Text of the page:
Take our first example, the Commission's recent Action plan on critical raw materials.
Strategic foresight complements the criticality assessment by providing the 2030 and 2050 outlook – both demand and supply risks – for strategic technologies and sectors.
This foresight knowledge feeds directly into our action plan to boost Europe's open strategic autonomy.
So using foresight strategically this can be a true game-changer.
In addition, we will launch an EU-wide foresight network with other EU institutions, Member States, think tanks, academia, civil society, and international organisations.
I believe my other hat – as Vice-President for interinstitutional relations – can help. Our ambition should be nothing less than to establish world-class anticipatory governance.
Second, today's report starts applying strategic foresight to resilience as one of the main lessons drawn from this pandemic.
Resilience is becoming our new policy compass and therefore, it takes centre stage in the report.
More concretely, we show what COVID-19 has taught us about Europe's green, digital, socio-economic and geopolitical resilience. For each dimension, the report identifies our vulnerabilities, strengths and opportunities exposed by this crisis – overall, it paints a picture of what needs to be addressed in the medium- to long-term.
To walk the talk on resilience, we must be able to monitor it. You will see that we are proposing to move towards resilience dashboards. Once fully developed in cooperation with the Member States and other key stakeholders, they should help us assess vulnerabilities and capacities at both EU and national level.
Ultimately, we need to able to answer one core question: are we, through our policies and recovery strategy, making the EU more resilient?
This broad approach to measuring and monitoring resilience should feed into an integrated approach to measuring people's wellbeing. The COVID-19 crisis has reignited the public debate on the importance of many aspects of the quality and sustainability of human life, such as education, income, jobs and health.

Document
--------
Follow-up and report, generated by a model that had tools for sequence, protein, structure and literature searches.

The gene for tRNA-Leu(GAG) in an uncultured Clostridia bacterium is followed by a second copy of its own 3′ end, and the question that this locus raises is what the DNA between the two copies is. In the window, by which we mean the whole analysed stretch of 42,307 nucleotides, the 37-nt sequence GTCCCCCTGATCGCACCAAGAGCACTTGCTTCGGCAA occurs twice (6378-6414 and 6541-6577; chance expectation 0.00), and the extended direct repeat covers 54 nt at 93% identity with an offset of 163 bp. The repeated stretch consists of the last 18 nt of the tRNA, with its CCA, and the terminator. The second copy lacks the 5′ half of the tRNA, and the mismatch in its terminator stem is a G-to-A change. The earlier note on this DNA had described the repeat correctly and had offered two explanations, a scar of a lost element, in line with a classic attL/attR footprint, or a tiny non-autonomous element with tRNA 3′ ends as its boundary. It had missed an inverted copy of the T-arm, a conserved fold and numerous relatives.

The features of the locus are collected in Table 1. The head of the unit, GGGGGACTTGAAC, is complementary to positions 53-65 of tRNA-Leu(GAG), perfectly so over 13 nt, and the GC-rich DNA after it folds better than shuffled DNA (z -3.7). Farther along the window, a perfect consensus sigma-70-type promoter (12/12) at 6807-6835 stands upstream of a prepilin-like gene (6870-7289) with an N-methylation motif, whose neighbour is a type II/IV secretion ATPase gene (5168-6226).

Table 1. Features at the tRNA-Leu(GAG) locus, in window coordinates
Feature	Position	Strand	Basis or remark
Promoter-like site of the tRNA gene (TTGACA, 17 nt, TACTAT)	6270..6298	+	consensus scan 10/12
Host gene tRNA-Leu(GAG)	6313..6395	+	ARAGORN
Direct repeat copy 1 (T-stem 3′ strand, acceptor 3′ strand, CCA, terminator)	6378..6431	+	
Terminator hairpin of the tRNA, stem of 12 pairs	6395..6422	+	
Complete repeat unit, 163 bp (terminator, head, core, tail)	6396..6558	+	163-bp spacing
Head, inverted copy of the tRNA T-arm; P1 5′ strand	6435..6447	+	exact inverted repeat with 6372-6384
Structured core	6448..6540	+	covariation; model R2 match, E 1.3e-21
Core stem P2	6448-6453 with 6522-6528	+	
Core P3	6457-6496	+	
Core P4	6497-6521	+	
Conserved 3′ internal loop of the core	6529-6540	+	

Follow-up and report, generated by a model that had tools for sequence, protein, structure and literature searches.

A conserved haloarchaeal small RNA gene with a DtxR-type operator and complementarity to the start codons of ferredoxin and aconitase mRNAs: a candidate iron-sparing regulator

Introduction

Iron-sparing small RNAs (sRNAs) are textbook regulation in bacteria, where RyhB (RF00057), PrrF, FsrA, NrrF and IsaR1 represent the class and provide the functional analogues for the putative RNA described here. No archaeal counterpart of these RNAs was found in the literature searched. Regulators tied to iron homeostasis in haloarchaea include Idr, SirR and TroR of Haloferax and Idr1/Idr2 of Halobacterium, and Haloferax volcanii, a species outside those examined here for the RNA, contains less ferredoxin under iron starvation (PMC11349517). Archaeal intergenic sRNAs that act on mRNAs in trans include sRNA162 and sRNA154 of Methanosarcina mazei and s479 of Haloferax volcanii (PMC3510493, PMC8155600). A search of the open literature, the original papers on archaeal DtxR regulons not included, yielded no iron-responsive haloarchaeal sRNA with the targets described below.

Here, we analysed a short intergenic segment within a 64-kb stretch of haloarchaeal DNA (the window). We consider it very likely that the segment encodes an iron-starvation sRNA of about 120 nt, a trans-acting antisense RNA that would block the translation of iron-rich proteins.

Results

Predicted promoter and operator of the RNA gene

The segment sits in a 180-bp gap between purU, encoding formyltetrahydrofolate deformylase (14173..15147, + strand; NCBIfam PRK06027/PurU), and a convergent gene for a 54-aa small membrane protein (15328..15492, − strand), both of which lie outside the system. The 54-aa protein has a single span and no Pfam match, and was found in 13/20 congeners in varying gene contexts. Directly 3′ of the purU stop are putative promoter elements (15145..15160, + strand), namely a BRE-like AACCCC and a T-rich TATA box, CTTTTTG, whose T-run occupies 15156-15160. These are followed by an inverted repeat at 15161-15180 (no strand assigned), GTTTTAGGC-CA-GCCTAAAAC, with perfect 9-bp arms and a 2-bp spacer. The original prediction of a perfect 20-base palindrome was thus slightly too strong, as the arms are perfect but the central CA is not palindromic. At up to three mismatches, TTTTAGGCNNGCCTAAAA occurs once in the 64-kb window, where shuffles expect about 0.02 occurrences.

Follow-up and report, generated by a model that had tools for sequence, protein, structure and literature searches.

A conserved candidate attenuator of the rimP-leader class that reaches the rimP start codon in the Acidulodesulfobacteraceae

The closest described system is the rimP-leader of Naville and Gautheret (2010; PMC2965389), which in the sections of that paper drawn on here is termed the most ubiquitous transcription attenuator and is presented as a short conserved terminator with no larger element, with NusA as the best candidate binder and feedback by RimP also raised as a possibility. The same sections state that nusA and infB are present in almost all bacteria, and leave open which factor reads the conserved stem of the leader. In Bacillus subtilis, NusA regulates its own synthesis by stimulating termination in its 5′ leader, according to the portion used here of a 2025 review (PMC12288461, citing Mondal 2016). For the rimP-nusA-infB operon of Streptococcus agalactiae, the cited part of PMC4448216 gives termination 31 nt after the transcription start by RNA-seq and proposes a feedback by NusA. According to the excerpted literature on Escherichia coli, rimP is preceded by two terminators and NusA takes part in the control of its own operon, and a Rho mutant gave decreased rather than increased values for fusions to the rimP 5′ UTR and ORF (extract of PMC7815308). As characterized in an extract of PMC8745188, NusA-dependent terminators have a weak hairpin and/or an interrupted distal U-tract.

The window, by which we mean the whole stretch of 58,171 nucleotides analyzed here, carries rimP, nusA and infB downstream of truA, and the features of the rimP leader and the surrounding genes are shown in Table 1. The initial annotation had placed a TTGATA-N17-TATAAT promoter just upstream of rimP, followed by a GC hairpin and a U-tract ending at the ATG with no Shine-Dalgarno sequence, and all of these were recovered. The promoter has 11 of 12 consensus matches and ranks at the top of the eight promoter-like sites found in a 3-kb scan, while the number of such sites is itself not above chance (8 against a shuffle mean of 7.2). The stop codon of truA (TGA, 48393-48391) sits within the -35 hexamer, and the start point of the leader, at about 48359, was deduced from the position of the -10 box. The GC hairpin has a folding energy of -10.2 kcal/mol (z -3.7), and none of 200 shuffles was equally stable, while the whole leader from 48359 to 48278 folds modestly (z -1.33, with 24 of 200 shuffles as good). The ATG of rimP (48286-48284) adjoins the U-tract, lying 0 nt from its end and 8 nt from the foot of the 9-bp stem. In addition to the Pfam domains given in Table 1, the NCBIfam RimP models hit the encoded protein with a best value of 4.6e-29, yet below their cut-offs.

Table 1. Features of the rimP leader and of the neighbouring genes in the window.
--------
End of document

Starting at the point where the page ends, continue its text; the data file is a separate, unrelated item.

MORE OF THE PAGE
There has been a strong consensus in the international community on the need to go beyond conventional economic measures like GDP, and to make wellbeing a policy target. The EU wants to lead in this work.
Thirdly, the report outlines the next political programme for strategic foresight.
Foresight will inform EU political priorities, major initiatives in the Commission Work Programmes as well as major cross-cutting initiatives, such as:
Open strategic autonomy: for instance, foresight could allow horizon scanning, including as regards international standardisation, to be used as a strategic lever by the EU;
The future jobs and skills linked to a green economy: for instance, an in-depth view of the labour market shifts driven by the green transition is still missing;
We will also explore how the green and digital transitions can rhyme better: for instance, by looking at energy consumption, we see that transferring and storing one gigabyte of data through the internet uses up to 7 kWh – compared to 0.000005 kWh if done locally.
To sum up: First, we will collectively develop a world-class anticipatory governance system by embedding strategic foresight into our agenda-setting and policymaking: horizon scanning, mega trends analysis, reference scenario planning will apply to our major initiatives and foresight will become an integral part of our better regulation toolbox.
Second, we start operationalising the concept of resilience as a compass, with an honest assessment of where Europe stands in terms of social and economic, geopolitical, green and digital resilience. We will also develop ways of monitoring our progress on resilience to make sure we are making the EU and its Member States more resilient.
Third, we have outlined a clear political programme for foresight and in particular, three high-impact cross-cutting priorities for the coming months: open strategic autonomy, future of work linked to the green transition; and deepening the synergies between the green and digital transformations.